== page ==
Alliance speeds up preparations for Bucharest summit
NATO Defence Ministers focused their discussions in Vilnius on Afghanistan, and how the Alliance can make progress between now and the Bucharest summit in a number of areas important to defending security in the 21st century.
Ministers agreed that NATO should have a substantial policy on cyber defence outlining the Alliance’s role in that field and reaffirmed the high value of the NATO Response Force (NRF), now that a graduated Force option has been developed.
They also referred to missile defence, where NATO continues to explore the Alliance’s role taking into account the separate bilateral discussions between the US and some Allies. The new security challenges, such as maritime situational awareness and cyber defence will be high on the agenda of the Bucharest summit next April.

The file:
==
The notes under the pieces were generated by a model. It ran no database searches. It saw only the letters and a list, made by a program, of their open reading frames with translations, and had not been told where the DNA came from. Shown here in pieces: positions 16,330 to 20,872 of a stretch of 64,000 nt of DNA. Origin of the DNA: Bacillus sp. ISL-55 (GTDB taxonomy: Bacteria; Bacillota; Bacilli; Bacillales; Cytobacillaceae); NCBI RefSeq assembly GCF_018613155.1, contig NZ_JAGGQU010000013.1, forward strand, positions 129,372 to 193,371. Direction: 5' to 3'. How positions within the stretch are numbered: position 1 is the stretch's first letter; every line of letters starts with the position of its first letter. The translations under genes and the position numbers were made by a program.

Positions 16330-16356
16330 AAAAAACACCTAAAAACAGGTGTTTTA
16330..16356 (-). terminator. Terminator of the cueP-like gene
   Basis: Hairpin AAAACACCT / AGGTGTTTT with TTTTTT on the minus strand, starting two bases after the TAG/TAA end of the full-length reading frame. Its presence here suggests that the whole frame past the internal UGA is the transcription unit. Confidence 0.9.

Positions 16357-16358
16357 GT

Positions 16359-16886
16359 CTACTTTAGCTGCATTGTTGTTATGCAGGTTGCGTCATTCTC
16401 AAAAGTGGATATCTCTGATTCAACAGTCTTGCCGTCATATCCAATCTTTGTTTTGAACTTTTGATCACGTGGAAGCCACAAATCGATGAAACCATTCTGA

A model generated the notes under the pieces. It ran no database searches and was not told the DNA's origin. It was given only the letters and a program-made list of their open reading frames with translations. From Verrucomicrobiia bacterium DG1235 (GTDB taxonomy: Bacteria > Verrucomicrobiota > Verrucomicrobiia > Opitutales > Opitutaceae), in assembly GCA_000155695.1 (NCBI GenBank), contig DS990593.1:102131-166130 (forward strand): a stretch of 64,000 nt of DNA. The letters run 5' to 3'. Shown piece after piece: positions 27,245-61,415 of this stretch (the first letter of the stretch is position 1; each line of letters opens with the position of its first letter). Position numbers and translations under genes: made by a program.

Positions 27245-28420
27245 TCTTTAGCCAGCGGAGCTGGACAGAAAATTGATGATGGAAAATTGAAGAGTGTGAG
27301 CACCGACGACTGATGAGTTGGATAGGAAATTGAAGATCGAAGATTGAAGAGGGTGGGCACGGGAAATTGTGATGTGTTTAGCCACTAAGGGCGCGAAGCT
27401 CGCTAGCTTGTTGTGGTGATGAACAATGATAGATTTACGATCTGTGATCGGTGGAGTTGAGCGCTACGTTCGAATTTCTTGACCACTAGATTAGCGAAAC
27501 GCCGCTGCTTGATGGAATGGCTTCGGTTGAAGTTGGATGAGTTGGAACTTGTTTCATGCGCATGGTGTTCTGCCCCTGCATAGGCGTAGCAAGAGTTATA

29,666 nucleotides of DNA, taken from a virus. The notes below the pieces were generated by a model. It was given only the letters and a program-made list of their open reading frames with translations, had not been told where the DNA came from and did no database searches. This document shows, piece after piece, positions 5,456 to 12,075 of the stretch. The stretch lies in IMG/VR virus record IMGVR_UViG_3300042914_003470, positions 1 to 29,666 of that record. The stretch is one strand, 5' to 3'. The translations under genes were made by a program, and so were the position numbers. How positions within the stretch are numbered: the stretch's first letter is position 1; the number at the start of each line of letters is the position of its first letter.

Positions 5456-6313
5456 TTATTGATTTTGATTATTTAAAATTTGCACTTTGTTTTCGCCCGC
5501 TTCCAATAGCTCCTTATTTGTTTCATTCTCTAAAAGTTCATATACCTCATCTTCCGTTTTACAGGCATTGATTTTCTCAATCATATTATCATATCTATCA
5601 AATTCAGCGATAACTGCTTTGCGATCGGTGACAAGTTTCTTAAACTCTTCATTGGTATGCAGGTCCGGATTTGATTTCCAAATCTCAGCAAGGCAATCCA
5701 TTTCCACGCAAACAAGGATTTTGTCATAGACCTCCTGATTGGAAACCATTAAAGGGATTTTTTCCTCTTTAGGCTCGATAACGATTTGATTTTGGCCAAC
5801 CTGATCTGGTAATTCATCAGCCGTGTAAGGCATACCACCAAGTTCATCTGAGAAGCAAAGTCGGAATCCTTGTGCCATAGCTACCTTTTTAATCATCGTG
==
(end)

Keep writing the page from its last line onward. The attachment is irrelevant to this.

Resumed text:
Allied ministers also met today with non-NATO ISAF contributing nations, the UN, the EU, the World Bank and Afghan Defence Minister Wardak.
They expressed cautious optimism on the reconstruction and development front and agreed that there is a need for more coordination.
The NATO Secretary General stressed the fact that there must be a comprehensive effort in Afghanistan and that the Alliance is only in the lead when it comes to security, but stands ready to support wherever it can other international actors.
Minister Wardak heard commitments by his ISAF colleagues to step up efforts to train and equip the Afghan security forces, as well as a clear long term commitment to support Afghanistan.
Minister Wardak expressed his strong commitment to work towards a situation in which Afghan forces can take the lead in operations, with NATO forces in support.